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'I had missed his fourth birthday with being in hospital and here he was comforting me'

A new awareness campaign aims to raise funds to help so-called “shadow children”.
May 9th 2017, 6:06 AM 17,754 1

THE NEWS THAT a child is critically ill is incredibly difficult for any parent to handle, but what about the other children that those parents have?

A new awareness campaign aims to raise funds to help those so-called “shadow children”.

Founded in 2007, Cliona’s Foundation is a charity which provides financial assistance to families in Ireland who have children undergoing long-term medical treatment for critical illness.

Funds are used to pay for the ‘hidden’ costs, including accommodation, food, petrol and other miscellaneous expenses incurred by families who take sick children to hospital for frequent treatments.

Cliona’s Foundation has supported non-medical expenses for 400 families who have a child with a life limiting condition in 29 counties across Ireland.

The Waters Family

image002 The Waters family.

Maria Waters from Castlebar, Mayo is the mother of three children; Rhianna (9), Oisin (4) and Shannon (8 months). When Shannon was born in June 2016 she was immediately transferred to Our Lady’s Hospital in Crumlin where she was diagnosed with a rare and complex heart condition that requires ongoing monitoring treatment and major surgery.

She says the issue has affected the whole family.

Siblings of critically ill children are hugely impacted. We’ve just got home for the first time since Shannon was born eight months ago.

“With Rhianna, me being away from home has definitely affected her school work, up until now she’s never had problems with school work, her behaviour and personality completely changed. She became quite cheeky but since we’ve been home she’s been as good as gold like a different person.

With Oisin he became really upset missing us. He was hysterical and always wanted mommy. He has been so upset with major crying fits in playschool. He was lashing out a lot in playschool and we had parents complaining about him because he’s even left a few other boys in bruises.

“I’m so worried he will get branded as a bully and the teachers all know that that’s not him.”

When Shannon was only eight weeks old, she went into cardiac arrest. Maria says that Oisin was there at the time.

“I started crying and Oisin he looked up at me and said “Mommy don’t cry Shannon is going to be okay”.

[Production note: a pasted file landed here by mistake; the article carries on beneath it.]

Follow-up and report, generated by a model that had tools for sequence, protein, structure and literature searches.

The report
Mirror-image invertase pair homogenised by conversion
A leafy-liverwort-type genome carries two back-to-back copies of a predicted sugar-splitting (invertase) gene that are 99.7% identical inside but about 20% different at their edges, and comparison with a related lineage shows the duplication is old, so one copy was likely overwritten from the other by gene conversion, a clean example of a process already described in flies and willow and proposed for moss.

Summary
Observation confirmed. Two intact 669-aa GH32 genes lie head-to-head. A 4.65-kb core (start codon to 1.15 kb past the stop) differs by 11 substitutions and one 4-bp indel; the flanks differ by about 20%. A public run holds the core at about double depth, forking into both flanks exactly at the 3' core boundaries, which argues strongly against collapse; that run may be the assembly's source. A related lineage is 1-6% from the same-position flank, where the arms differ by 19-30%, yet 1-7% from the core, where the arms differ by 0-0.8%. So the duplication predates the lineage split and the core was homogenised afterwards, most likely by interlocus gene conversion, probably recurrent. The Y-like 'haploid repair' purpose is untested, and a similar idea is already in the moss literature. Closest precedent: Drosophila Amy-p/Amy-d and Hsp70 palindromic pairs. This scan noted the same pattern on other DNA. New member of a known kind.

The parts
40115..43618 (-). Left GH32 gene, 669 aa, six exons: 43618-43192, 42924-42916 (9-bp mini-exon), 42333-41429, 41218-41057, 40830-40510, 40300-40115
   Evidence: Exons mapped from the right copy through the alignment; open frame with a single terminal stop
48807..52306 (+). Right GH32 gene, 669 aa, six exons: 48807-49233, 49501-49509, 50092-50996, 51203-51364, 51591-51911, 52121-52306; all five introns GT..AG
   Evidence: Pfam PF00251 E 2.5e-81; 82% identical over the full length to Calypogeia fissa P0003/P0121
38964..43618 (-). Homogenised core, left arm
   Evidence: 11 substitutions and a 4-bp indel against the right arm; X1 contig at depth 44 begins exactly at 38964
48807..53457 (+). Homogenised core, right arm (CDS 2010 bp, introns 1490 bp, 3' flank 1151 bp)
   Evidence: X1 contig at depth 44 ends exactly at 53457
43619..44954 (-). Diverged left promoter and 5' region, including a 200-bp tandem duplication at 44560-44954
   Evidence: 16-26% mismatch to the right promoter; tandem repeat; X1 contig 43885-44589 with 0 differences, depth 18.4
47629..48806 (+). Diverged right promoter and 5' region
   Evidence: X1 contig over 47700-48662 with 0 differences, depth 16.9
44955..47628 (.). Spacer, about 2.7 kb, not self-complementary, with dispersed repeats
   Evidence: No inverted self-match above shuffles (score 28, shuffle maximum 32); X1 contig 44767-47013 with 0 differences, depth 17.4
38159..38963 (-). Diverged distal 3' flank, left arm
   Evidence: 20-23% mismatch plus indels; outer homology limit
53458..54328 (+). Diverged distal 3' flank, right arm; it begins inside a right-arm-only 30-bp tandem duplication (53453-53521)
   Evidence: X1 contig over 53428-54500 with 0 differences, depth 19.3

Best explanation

I couldn’t believe it I had missed his fourth birthday the week before with being in hospital with Shannon and here he was a four year old comforting me!

Maria says the family are able to compensate now that they’re home.

“Now that we are all at home again myself or my partner will try bring them somewhere fun at the weekend. It’s hard to get the time to all do things together but we have applied for nurses so hopefully we can get granted to have them for five hours in the week and this can then be our time for fun with Rhianna and Oisin.

Cliona’s Foundation are fantastic, I didn’t hear of them before all of this. Because my partner was self-employed he was off work for 7 weeks. The bills were piling in and with two other young kids at Christmas just around the corner, things didn’t look as bleak. I applied to Cliona’s Foundation and literally two weeks I later I got a cheque in the post. It was honestly like winning the lottery.

The Gardiner family

image006 The Gardiner family.

Caroline Gardiner, from Kilkenny is the mother of Rachel (9), Jack (7) Charlie (6) and Dylan (5). When Dylan was born at 27 weeks and at just 750g, the odds were not in his favour. He has a complex medical history which resulted in him spending over two years between Holles Street and Crumlin hospitals.

Caroline says the issue has most affected her eldest child, Rachel.

To me my eldest daughter Rachel is the most affected since Dylan was born. It was her first year at school and there was lots of things I feel she missed out on and it even comes back on her now, after school activities were unheard of because I wasn’t there, we didn’t have friends over to play so I think the knock on effect on her was probably more dramatic than it was for the boys.
She missed out on Irish Dancing and swimming classes with her peers and by the time she was able to start these classes she was behind from her peers.

She says the family have used funding from Cliona’s Foundation to pay for respite care for Dylan.

“All our savings and more had diminished due to long term hospital admissions and distance from home to Dublin so we are not in a position financially to fund au pairs or any outside help. Cliona’s Foundation has greatly supported us. We were not expecting anything like the donation they gave us and have gladly used it for respite hours.”

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